Why Americans Will Overpay for Cuba's Vintage Cars

Easing relations between the U.S. and Cuba could come as a boon to collectors looking to own, even drive, pieces of Cuba's culture

Many vintage American cars survived, as if in a time warp, in Cuba. Barred from importing newer models, Cubans have repaired the vehicles, which are now considered a national treasure.

Photographer: Jim Graham/Redux

When Fidel Castro came to power in 1959, he made it illegal for anyone to import cars without government permission. The mandate arrested automotive history on the island, and curvaceous mid-century Chevys, Studebakers, and Buicks still rumble down Havana's Malecón, much as they did half a century ago. Now, with the easing of relations between the U.S. and Cuba, some of the nearly 60,000 vintage cars in Cuba could eventually make their way into collectors’ hands stateside. 

Cuba loosened some trade restrictions on automobiles earlier this year, allowing new cars to be bought and sold on the island. Lifting the U.S. trade embargo on the island—a decision that must be made by Congress, not President Barack Obama—would let Cuba's classic automobiles return to the U.S. after so long. If that does happen, the buyers won’t be traditional car collectors, who prize low mileage and automobiles in pristine condition. For one thing, Castro’s restriction on auto imports stopped the flow of replacement parts, so while a Cadillac convertible in Cuba may look authentic at first blush, a closer look reveals both hundreds of thousands of miles on the odometer and a bevy of makeshift fixes, perhaps even (gasp!) a Peugeot diesel engine under the hood. That said, experts anticipate a niche market of buyers willing to pay a premium to own a piece of Cuban history.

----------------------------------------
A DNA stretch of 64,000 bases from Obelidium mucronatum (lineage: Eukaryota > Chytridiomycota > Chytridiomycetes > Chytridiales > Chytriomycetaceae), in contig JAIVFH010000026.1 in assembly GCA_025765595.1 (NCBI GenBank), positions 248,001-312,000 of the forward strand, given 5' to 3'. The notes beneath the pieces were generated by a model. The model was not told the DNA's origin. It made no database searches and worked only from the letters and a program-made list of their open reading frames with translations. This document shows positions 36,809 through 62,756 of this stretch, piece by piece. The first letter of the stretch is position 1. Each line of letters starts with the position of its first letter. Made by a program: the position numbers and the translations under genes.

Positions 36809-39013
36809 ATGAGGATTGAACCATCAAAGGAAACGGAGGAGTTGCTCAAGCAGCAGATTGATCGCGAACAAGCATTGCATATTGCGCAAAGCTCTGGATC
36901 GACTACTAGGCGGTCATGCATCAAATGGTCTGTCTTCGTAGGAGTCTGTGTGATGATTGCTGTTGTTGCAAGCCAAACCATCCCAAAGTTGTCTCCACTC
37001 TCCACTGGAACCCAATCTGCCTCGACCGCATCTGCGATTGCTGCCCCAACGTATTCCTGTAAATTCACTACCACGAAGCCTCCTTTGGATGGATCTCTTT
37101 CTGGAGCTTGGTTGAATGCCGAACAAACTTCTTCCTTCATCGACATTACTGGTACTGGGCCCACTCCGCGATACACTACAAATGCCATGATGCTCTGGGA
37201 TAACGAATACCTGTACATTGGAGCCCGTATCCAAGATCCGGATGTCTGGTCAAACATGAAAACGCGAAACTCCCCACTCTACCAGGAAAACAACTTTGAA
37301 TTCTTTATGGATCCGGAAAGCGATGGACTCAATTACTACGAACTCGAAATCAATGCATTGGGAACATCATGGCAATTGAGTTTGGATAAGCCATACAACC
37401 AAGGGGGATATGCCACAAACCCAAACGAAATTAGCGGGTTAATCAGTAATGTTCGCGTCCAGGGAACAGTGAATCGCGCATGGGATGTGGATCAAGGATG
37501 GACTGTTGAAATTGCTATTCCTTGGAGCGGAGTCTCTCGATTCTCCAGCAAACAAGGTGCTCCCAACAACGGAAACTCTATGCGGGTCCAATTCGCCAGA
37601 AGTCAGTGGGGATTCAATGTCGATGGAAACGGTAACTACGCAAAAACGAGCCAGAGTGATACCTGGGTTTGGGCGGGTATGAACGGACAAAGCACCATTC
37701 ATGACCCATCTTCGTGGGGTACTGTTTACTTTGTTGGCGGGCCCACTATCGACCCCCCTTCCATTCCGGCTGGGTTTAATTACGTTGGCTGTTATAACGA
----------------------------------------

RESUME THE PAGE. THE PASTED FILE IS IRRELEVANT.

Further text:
Photographer: Paul Hahn/LAIF via Redux

“Most people would want them as a sort of art piece,” says McKeel Hagerty, chief executive officer of car insurer Hagerty. Even immaculately restored examples of 1950s-era American cars aren't terribly valuable, Hagerty says, but interested buyers should expect to pay two or three times as much for the jerry-rigged Cuban examples. His company estimates that a top-of-the-line 1954 Chevrolet 210 Delray club coupe would fetch $20,000, while the Cuban version might command $40,000 to $60,000. Similarly, one could pay more than $60,000 for a 1955 Buick Century sedan re-imported from Cuba that would ordinarily be valued at $20,600.

While some Cuban car owners will undoubtedly jump at the chance to make quick cash by offloading their American behemoths, Hagerty doesn’t expect a flood of cars to leave the island. “These cars are part of their culture,” he says. “They are integral to the image of who they are, so it would be hard to imagine [the cars] all going away.”

Photographer: Stefano Biliotti/Ovoworks via Getty Images

For diehard car collectors, the prospect of an open Cuba holds the intrigue of a rare find—a mothballed, broken-down beauty abandoned by an owner who lacked the financial means or ingenuity to fix it. “I’m of the belief that there is something over there to be found,” says Rick Drewry, a collector car claims specialist at American Modern Insurance Group. “Some people are going to be on the hunt for those diamonds in the rough.”

Those mythical diamonds in the rough won't be old Fords—or any other U.S.-made car—but the Mercedes, Ferraris, and Maseratis that raced in the Cuban Grand Prix. A photographer touring the island recently uncovered a gull-wing Mercedes-Benz 300 SL—examples of which fetch over $1 million at auction—rusting under a banana tree. Hagerty dismisses that discovery as a one-off. “Trust me,” he says, “that is going to be the search. But best I can tell, most of the cars that raced there exited the country around the time of the revolution.”